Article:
I’m within 10 rounds or so of finishing the second toe-up sock. You are so absolutely right, skeindalous, that the finishing of a sock is a thoroughly satisfying experience. The difficulty here is that my Sock Project requires sudden bursts of Learning Experience at inconvenient times of day. One can scarcely interrupt one’s soap opera to go off to the computer and study a video.
So today, I think, I must
(a) have another look at the instructions for Jeny’s Surprisingly Stretchy Bind-Off. I’ve done it, it’s easy, it works – just a matter of reminding myself what to do;
(b) take some time out during the day to sit down in front of the computer with needles and the cast-on yarn for Alexander’s socks and fire up a video and do a Turkish cast-on, knitting it far enough that I can pick it up during the soap opera and glide pleasantly on.
(c) determine which yarn to use for Alexander’s cast-on, Bedroom at
or Restaurant de la Sirene? Decisions, decisions. Arles
I had a look at my sock yarn situation yesterday:
The stripey one just behind the Zauberballs is the Italian flag, from Regia's "world ball" series. I'm looking forward to that. I'm looking forward to all of them -- but that’s something close to a year of knitting you’re looking at, most of them fairly recent purchases. And Alexander's Van Gogh yarn isn't even there. And I found I had another 100 grams (one ball) of Hundertwasser. That was truly silly – I not infrequently buy 150 grams for gents’ socks, so as not to have to change yarns for the toe. But 200 grams of a yarn that can only be knit for ladies, is ridiculous. I’ve put it in the Box to go to Strathardle and be given away.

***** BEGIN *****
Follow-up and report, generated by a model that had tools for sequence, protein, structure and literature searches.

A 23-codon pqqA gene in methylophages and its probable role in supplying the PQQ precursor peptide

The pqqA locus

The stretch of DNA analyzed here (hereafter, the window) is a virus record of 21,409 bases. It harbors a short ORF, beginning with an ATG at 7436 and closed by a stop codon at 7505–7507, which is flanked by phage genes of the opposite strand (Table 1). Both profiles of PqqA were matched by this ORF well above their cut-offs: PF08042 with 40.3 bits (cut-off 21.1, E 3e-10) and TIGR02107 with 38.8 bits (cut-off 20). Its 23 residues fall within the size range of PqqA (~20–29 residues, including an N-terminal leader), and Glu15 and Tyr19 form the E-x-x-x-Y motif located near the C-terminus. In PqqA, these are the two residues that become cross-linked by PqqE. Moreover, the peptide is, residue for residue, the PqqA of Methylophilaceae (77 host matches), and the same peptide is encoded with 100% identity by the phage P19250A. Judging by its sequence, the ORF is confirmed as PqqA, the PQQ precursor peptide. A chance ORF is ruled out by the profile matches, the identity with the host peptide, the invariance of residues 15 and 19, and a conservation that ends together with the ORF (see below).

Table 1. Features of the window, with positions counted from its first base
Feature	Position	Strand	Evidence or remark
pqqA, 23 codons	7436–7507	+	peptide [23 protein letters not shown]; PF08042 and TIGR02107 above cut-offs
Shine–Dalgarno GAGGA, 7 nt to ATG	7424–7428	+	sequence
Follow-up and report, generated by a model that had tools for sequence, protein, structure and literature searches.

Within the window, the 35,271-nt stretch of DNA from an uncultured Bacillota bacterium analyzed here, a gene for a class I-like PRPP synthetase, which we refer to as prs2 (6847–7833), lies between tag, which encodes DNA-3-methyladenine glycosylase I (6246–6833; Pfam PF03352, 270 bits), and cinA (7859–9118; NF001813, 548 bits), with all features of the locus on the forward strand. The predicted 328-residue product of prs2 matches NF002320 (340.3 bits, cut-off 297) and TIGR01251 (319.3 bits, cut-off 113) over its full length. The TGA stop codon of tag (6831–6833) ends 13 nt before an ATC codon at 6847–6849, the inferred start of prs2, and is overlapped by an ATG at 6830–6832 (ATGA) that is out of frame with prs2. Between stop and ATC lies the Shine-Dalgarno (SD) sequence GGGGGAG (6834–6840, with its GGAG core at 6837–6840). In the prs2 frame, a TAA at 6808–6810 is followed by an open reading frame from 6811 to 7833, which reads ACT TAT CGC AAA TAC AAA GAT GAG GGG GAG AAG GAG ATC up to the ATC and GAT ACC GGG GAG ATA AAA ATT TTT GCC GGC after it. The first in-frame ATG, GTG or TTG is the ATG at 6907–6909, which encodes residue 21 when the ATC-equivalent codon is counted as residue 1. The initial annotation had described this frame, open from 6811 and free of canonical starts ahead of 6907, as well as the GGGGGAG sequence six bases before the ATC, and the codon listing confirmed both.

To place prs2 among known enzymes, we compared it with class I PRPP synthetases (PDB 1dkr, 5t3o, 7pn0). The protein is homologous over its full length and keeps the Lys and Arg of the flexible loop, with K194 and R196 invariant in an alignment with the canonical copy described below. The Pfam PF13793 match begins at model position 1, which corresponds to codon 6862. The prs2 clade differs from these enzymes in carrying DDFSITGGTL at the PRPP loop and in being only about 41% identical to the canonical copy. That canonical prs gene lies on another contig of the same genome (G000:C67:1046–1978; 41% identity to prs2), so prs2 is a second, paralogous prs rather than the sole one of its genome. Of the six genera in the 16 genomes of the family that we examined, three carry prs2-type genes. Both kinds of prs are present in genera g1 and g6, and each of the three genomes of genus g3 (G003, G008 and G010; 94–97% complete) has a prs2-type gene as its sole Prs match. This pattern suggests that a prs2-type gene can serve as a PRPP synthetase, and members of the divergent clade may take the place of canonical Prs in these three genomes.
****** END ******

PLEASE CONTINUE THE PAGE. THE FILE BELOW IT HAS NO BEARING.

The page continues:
I thought, in a burst of mental energy, that I might be able to face up to soil chemistry. I have recently taken on board a mnemonic which allows me to remember which sort of soil is “acid” and which is “alkaline”. That’s a start.
I tried the widipedia entry on acid soil this morning, and all seemed to be going fairly well. It was pretty chemical and technical, but I could see the shape of things. For a while. There is a list of calcifuge (=lime-hating) plants from the presence of which you can be pretty sure you’ve got an acid soil. Lots of old friends, including lilac. Fine. That’s what we’ve got – I knew that anyway.
Then – this can be viewed on the same screen – a list of plants with their pH preferences. And sure enough, the ones I can grow come in at pH 6-6.5, or lower, and the ones I can’t prefer pH 6.5-7. It’s all beginning to make sense – until I see that lilacs prefer the highest alkalinity of all, 7.1-8.
This is just wikipedia, and is obviously a mistake, one way or the other. But it’s sort of depressing for one struggling to get a foothold.
And something else I need to know – why does spreading manure (which I do) make soil more acid?